Published March 1, 2023
The beginning months of the COVID-19 pandemic motivated an unprecedented response from governments, international organizations, pharmaceutical companies, and society as a whole. Long COVID hasn't received the attention that it deserves and there is still a general lack of public awareness. Without specific treatments for long COVID, attention is falling on the prevention of COVID-19 and promoting vaccination. March 11, 2023 marked three years since the World Health Organization declared COVID-19 as a pandemic.
The result of non-specific long COVID treatment has been widespread harm to health, societies, and economies. More is needed to support long COVID patients on a global scale.
The National Institutes of Health, and their establishment of “RECOVER: Researching COVID to Enhance Recovery,” is allowing long COVID patients to join researchers, clinicians, and experts in their mission to understand the mysteries of long COVID – what causes the condition, determining who is most at risk, and how to prevent and treat it.
What RECOVER has learned so far:
RECOVER is beginning to identify potential clinical trial sites nationwide. The design of these clinical trials will be critical to identify long COVID symptoms that have been the most significantly burdensome to patients.
Visit RecoverCOVID.org for more information about this effort.
For many long COVID patients, the care needed to manage their chronic illness has left them in medical debt. It’s unclear how many patients are being denied coverage, but recent findings estimate that individual medical costs of long COVID come to roughly $9,000 a year. Part of the problem, according to experts, is the ambiguity of long COVID and its symptoms. This leaves insurance companies denying claims for care because they don’t deem it as a “medical necessity.” The article from NBC News shares tips on how patients can improve their chances of insurance approving their claims by having a plan before entering the doctor’s office.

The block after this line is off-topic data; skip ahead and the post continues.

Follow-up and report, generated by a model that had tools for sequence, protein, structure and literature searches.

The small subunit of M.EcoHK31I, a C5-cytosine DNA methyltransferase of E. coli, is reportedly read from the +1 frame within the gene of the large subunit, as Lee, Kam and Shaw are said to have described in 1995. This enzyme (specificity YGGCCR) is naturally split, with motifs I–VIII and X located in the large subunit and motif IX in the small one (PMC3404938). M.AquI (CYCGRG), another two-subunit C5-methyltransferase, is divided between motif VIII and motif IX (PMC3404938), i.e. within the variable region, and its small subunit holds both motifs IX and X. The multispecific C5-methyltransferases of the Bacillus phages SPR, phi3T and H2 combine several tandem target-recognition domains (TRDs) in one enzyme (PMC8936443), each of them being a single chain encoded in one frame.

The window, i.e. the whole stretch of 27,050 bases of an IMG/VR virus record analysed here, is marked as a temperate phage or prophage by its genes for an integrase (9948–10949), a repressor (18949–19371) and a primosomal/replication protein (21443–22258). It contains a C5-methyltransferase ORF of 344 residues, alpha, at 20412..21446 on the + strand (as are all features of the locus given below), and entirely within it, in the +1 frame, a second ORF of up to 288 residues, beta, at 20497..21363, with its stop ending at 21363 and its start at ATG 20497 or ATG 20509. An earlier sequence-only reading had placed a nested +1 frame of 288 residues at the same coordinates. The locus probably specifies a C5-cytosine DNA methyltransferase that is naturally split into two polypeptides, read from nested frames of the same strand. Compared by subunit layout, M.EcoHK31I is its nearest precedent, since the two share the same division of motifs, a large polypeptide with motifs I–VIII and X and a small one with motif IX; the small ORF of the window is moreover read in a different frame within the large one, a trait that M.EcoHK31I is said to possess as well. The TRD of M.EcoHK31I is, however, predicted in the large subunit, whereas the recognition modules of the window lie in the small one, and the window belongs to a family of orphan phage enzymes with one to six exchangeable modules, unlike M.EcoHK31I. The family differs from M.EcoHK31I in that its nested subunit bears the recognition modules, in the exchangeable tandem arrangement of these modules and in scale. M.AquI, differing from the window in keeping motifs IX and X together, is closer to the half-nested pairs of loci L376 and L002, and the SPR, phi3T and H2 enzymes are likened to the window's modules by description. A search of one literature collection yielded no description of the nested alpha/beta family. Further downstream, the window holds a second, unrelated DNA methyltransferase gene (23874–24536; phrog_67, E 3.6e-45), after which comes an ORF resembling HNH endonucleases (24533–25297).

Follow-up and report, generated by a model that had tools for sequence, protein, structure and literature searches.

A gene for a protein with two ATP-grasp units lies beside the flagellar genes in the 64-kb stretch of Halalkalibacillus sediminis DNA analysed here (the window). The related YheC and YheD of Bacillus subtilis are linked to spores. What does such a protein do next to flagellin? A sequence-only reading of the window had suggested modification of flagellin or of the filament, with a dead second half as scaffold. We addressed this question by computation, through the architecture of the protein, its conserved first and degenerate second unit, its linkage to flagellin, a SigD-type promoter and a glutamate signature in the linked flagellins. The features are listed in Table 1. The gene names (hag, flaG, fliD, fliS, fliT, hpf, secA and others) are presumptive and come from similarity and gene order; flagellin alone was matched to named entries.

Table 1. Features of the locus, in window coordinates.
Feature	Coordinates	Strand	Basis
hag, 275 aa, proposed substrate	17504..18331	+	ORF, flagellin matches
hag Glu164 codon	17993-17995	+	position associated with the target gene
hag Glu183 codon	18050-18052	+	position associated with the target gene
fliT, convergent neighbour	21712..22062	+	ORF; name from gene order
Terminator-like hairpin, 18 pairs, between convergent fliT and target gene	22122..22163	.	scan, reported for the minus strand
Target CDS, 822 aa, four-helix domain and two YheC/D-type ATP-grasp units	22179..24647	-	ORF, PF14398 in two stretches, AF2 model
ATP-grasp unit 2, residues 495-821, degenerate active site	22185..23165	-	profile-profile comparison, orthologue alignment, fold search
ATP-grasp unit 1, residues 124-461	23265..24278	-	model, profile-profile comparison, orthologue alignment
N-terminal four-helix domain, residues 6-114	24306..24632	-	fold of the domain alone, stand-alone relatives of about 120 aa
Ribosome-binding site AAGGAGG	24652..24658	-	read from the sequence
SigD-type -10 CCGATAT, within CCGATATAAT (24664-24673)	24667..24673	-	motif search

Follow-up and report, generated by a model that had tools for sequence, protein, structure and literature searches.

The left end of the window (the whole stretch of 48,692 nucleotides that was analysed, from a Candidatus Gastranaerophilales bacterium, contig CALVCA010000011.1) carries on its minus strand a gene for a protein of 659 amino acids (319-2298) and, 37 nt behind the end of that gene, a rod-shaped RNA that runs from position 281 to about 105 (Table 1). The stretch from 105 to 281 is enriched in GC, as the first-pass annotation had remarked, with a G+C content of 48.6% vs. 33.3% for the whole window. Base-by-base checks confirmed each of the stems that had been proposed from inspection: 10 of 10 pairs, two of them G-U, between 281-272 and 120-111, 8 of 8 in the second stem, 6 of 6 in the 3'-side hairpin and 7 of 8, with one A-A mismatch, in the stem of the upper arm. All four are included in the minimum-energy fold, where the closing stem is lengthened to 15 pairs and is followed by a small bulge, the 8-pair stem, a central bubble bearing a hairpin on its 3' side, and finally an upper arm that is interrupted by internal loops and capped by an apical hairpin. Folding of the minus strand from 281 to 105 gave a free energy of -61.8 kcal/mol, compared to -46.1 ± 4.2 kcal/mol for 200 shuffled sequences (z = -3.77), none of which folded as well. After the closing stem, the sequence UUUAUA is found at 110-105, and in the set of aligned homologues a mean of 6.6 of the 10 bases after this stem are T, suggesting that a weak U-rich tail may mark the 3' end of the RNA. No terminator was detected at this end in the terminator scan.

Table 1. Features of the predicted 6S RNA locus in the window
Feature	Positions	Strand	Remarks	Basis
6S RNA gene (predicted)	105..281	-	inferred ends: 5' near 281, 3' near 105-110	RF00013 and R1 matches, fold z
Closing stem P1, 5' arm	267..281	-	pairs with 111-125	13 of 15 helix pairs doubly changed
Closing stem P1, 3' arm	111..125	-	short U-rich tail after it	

New research has found that those who have had COVID-19 are at higher risk of various gastrointestinal disorders within a year of their infection – including liver problems, acute pancreatitis, irritable bowel syndrome, acid reflux and ulcers. It is estimated that COVID-19 infections have contributed to 6 million new cases of gastrointestinal disorders in the United States. This new research shows that the gastrointestinal tract serves as a reservoir for the COVID-19 virus. COVID-19 patients that were hospitalized had an increased risk of developing gastrointestinal disorders compared to those who contracted the flu and were hospitalized, showing that contracting COVID-19 remains more serious than contracting the flu.
Toews is one of the first professional athletes to speak out about the struggles of long COVID.
“It has been really challenging to play through these symptoms […] In the last few weeks, it has reached the point where I had no choice but to step back and concentrate on getting healthy. I am thankful for the patience and support of my teammates, the coaching staff, and the entire Blackhawks organization."
If you had COVID-19 and would like to participate, enter the registry and begin filling out the questionnaire.
If you have already participated, feel free to share with others who may be interested.
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